Eyewitness to History: Van Dyken wins 50 free for four golds

Amy van Dyken of the USA celebrates winning the gold medal in the women’s 100-meter butterfly at the Georgia Tech Aquatic Center at the 1996 Centennial Olympic Games in Atlanta. (Credit: Al Bello /Allsport)

Credit: Al Bello

Credit: Al Bello

Amy van Dyken of the USA celebrates winning the gold medal in the women’s 100-meter butterfly at the Georgia Tech Aquatic Center at the 1996 Centennial Olympic Games in Atlanta. (Credit: Al Bello /Allsport)

On the 25th anniversary of the 1996 Atlanta Olympic Games, The Atlanta Journal-Constitution presents a series of retrospectives produced by the University of Georgia’s Carmical Sports Media Institute. The Eyewitness to History interviews offer the view of someone who was at a top moment on the Summer Games.

In 1992, Amy Van Dyken just missed qualifying for the Olympics, finishing fourth at the U.S. Olympic swimming trials in the 50-meter freestyle. Van Dyken joined USA Swimming’s resident team program in September 1994 and two years later became the first American female athlete to win four gold medals in a single Olympic Games, the last of which came in the 50 free.

The anticipation of this race was unprecedented, as the event had been dominated for several years by Chinese swimmers. Yang Wenyi won the 50 free at the 1992 Summer Games, and Le Jingyi, who had won the 100 free earlier in the Atlanta Games, was the reigning world champion and world-record holder in the 50.

U.S. resident team coach Jonty Skinner helped Van Dyken prepare for the race throughout the day, then watched from high in the stands as she beat Le by three-hundredths of a second.

“The very first time an American athlete walked out on the deck at that Games, it was just ‘Boom,’ because the crowd just went crazy. The second (the U.S. swimmers) were seen coming out of the waiting room, it just erupted in that arena.

“So, I remember when (Van Dyken) came out and it was just the sounds that are made and just standing there and looking at her and just feeling the enjoyment of the ambiance of that environment. And I remember closing my eyes and saying, ‘Let’s do this, let’s finish this off.’ She had a fantastic meet up that point in time. I felt like she had everything she needed to win this race.

“I analyzed her race from the morning preliminary swim and I also analyzed the races of her major competitors, with her No. 1 being the world champion and a world-record holder Le Jingyi. ... I went through her race with her and said, ‘This is where you are going to beat this girl. ... You are going to take a breath at 35 meters, and when you look over for your breath -- because you’re always going to be breathing to the side where she is -- you are going to see that she is ahead of you. Don’t panic because you have a much faster (last) 15 meters than she does.’... She just had to find that extra energy and that courage, or whatever it is, to get by this girl and get her hand on that wall first.

“Once we reviewed the race plan that afternoon, I checked in with her at the end of the warmup and after that I let the athletes be. They are the ones that have to get the job done. You don’t want to go over there and be micromanaging anything about last-second details and stuff like that. That’s not my style; get it in place and let them go race.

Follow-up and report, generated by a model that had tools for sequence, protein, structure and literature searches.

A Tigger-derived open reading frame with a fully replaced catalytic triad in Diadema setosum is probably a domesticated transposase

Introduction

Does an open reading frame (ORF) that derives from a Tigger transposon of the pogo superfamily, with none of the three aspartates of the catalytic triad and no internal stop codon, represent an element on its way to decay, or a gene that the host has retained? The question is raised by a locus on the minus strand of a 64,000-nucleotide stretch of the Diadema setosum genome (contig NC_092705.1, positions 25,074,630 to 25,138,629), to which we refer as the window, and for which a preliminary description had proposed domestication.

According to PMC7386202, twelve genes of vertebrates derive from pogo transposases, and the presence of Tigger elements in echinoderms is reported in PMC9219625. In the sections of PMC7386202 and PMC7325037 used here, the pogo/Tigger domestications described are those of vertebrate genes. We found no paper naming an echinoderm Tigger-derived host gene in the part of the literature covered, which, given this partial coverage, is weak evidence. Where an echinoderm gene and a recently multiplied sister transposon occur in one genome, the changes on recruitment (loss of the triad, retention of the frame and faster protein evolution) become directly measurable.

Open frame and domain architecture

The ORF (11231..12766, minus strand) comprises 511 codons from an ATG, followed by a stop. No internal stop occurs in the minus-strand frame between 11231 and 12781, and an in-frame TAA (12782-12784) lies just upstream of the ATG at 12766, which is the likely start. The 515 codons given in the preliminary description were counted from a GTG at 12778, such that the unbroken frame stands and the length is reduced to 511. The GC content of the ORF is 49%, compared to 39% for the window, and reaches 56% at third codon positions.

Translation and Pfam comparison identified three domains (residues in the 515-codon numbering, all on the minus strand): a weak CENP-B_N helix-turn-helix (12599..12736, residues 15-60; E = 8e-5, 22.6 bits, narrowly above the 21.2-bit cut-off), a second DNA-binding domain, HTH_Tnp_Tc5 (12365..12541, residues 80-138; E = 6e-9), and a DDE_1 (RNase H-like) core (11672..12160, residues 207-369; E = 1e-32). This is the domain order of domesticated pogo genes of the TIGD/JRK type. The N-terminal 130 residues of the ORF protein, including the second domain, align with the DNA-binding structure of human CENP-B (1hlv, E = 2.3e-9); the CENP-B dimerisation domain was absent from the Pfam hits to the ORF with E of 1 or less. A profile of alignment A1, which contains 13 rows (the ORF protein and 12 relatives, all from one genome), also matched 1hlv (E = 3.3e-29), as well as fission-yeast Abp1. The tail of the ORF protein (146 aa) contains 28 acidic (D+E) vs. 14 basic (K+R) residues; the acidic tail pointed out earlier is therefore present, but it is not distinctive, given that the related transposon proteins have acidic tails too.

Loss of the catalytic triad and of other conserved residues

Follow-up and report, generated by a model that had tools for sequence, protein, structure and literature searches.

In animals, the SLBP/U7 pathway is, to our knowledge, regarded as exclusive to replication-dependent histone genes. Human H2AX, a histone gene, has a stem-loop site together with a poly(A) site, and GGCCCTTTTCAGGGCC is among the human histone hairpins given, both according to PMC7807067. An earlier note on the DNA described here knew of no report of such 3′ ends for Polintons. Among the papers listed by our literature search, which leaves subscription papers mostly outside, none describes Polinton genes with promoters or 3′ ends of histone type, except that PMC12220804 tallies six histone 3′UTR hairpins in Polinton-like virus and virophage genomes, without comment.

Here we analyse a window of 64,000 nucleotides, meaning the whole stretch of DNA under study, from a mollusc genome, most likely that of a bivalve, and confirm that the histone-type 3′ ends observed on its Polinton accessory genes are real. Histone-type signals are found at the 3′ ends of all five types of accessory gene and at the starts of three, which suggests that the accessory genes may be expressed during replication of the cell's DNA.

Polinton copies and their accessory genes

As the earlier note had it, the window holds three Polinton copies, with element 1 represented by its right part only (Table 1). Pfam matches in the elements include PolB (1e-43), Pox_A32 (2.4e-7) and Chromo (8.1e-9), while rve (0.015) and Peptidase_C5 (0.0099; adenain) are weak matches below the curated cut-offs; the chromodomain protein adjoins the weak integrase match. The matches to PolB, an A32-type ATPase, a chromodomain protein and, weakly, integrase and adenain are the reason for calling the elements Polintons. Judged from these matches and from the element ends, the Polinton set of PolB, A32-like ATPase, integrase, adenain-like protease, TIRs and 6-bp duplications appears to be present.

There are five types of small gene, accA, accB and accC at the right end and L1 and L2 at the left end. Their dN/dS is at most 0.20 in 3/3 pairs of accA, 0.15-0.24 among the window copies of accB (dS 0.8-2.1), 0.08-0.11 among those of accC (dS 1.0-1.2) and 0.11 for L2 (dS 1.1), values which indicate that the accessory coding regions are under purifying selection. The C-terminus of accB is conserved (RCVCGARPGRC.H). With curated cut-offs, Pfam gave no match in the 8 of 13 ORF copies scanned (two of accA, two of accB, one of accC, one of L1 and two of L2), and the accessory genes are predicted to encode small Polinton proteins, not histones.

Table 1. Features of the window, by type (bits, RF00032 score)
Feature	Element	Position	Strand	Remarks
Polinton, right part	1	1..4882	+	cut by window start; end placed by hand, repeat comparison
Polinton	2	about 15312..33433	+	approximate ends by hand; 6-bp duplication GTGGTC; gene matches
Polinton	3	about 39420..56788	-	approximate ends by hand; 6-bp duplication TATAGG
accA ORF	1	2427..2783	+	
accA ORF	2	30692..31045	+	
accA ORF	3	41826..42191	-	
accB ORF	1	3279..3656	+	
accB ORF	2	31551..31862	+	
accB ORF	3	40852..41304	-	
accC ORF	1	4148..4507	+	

“A lot of people tend to congregate at the deck level and watch races. I have always been a coach that loves to go watch from more of a bird’s-eye view. So, I was really up there, with the guy filming the event, standing right next to him looking down, watching the whole thing unfold.

“(Van Dyken) had this habit of, she would always go to the water and kneel down, always scoop some and splash some water on her body from the pool prior to the race. She tended to get some in her mouth. She would, gently speaking, spit it in the lane of the opponent she was going to race.

“She was always going to be slightly behind at the start. It was about that time (that she took the breath at the 35-meter mark) you just start to see that change in the mood. You just start to see her start to make that move. Part of you is going, ‘Please, please make this happen for her,’ and the other part of it is like, ‘Yeah, she’s got this.’

“By the time she swam the 50 there was a pretty good understanding in the public’s eye that the Chinese swimmer had been the best 50 freestyler in the world for years. ... I think the crowd knew that this was going to be a huge event between the two of them and when (Amy) came out on top, I suspect it was this extra little visceral feeling on the public level like: ‘Yeah, we got that one. We were able to be the underdog and defeat the athlete that was maybe supposed to win.’

“You spend a lot of time helping these athletes chase their dreams. There was a lot of hard work between the fall of ’94 and the summer of ’96. To see it realized in the way it was realized, you just have to feel lucky, to have been a part of something like that.”

Amelia Green completed this interview as a student at the University of Georgia’s Carmical Sports Media Institute.

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